- First Flush: A delicate Darjeeling cup with floral liquoring, harvested in the spring time
- Second Flush: The true ‘Champagne of Teas’ with the characteristic Muscatel flavor harvested in the summer
- Roasted Flush or Monsoon Flush: A bolder cup harvested during the monsoon months
- Autumn Flush: A bright cup with full-bodied flavor harvested during the fall
The usual awareness is that the first flush and the second flush Darjeeling teas are the most prized ones across the globe, being highly sought after and fetching better prices in the international markets compared to the Monsoon and Autumn flushes. However, my personal opinion is that each flush has a charm and beauty of its own and it should be relished accordingly. I prefer enjoying my tea irrespective of which flush it came from. Instead of comparing the flushes and then ranking them, I choose to enjoy every season and every cup. This is my personal opinion, to each their own. To me each flush has its unique attributes and I would savor them for how unique they are.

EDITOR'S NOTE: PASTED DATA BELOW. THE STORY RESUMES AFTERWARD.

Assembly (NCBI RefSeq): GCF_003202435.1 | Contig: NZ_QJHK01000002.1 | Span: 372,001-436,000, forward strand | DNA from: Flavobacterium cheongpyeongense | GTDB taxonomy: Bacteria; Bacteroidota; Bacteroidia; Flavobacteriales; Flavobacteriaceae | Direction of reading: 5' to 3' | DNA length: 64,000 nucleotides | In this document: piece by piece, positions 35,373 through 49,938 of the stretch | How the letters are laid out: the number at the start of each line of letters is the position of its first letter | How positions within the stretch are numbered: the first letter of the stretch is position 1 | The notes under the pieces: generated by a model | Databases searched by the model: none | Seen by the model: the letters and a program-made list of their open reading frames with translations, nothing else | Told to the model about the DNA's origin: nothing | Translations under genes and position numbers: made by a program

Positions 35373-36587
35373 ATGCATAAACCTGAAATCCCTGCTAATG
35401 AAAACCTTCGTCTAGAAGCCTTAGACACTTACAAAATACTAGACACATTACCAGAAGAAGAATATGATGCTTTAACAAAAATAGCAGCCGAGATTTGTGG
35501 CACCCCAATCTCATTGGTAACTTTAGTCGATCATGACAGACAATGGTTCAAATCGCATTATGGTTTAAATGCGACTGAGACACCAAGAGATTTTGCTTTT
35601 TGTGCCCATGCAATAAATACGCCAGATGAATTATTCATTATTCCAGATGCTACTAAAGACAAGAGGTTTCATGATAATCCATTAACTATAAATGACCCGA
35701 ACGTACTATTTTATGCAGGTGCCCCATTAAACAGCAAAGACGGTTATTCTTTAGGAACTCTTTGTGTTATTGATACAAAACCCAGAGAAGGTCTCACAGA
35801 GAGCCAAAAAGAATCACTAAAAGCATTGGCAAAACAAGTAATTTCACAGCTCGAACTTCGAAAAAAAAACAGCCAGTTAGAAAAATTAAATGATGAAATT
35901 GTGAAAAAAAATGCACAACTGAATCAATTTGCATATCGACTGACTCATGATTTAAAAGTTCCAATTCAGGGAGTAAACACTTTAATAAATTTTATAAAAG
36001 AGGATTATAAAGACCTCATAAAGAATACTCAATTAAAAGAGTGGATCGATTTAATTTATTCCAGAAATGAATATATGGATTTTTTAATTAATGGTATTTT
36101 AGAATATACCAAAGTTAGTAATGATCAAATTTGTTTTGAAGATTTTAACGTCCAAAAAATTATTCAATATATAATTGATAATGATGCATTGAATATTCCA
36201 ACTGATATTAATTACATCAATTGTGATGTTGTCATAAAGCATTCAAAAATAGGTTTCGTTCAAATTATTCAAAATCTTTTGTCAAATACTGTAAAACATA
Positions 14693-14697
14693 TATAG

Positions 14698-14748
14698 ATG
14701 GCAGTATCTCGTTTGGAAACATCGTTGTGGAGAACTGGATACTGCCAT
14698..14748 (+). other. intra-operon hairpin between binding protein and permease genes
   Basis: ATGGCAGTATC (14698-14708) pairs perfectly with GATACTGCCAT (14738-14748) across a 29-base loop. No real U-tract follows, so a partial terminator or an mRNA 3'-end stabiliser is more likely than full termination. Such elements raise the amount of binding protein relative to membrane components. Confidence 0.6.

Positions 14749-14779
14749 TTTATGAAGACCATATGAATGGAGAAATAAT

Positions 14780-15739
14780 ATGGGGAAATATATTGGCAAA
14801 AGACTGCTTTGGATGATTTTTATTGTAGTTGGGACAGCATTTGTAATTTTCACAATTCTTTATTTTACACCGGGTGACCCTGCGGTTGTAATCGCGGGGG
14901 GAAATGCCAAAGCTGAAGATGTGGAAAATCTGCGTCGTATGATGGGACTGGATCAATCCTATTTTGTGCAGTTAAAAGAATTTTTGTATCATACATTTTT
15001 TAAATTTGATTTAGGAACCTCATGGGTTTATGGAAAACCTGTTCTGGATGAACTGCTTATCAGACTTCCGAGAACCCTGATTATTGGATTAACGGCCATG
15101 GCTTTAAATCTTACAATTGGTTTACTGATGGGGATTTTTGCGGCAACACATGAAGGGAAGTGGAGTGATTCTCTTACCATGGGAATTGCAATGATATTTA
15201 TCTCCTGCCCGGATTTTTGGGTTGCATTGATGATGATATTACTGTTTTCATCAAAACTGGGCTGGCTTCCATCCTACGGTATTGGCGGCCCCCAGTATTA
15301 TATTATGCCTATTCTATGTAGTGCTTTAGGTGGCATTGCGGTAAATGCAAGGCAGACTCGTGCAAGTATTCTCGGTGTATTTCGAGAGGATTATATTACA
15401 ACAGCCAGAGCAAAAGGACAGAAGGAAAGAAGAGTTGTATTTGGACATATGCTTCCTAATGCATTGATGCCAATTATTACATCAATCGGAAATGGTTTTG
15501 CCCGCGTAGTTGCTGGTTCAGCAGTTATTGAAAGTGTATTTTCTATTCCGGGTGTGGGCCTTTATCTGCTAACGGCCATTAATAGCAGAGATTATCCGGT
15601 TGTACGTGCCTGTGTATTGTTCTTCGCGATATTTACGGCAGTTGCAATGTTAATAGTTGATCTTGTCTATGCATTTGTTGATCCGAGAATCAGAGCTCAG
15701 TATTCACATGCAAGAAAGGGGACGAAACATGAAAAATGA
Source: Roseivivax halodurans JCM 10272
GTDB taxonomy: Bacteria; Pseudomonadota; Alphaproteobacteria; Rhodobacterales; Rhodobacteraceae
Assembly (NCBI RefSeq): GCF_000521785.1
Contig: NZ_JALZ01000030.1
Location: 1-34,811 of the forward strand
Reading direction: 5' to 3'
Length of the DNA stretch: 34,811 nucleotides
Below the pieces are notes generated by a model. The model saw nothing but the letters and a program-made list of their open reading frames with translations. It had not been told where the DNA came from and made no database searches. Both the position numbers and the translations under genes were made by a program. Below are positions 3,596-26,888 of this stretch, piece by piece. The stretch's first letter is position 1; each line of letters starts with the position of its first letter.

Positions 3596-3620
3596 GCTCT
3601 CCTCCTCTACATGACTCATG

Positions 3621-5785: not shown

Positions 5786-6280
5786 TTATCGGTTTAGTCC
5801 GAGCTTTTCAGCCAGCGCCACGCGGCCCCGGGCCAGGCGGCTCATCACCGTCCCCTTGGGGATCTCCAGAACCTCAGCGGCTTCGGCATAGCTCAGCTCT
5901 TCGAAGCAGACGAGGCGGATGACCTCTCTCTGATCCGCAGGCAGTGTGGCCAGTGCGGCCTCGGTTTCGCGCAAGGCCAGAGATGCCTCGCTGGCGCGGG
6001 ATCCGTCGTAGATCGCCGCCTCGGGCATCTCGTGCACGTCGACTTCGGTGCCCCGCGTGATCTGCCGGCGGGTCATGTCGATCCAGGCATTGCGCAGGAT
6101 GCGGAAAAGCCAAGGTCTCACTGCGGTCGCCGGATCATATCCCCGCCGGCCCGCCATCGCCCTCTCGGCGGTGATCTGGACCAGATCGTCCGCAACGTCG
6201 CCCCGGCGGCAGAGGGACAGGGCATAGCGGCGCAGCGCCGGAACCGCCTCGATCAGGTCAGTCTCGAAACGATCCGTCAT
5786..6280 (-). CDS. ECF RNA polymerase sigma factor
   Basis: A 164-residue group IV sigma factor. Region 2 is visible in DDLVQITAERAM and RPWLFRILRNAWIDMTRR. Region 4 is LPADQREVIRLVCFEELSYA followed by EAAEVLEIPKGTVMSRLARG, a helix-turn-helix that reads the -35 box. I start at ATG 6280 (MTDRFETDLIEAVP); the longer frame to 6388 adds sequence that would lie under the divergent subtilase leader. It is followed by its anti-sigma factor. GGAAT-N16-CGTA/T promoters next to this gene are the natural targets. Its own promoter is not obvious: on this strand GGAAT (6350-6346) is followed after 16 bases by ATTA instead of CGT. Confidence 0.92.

I am still brewing the First Flush, though the Second Flush harvest has begun in Darjeeling. i am yet to receive my second flush packet in my subscription, meanwhile I continue to relish my first flush Darjeeling.
What does Darjeeling First Flush Tea taste like?
Delicate and tender, the springtime rain reflects itself in the Darjeeling First Flush Tea. During the winter months, the tea bush covered hills of Darjeeling fertilize and prepare for the soon-to-arrive spring, generally set for March. The bushes begin developing a dark green texture and the leaves slowly begin flushing. The spring time is cool and breezy in the hills and you will feel that freshness in your tea cup.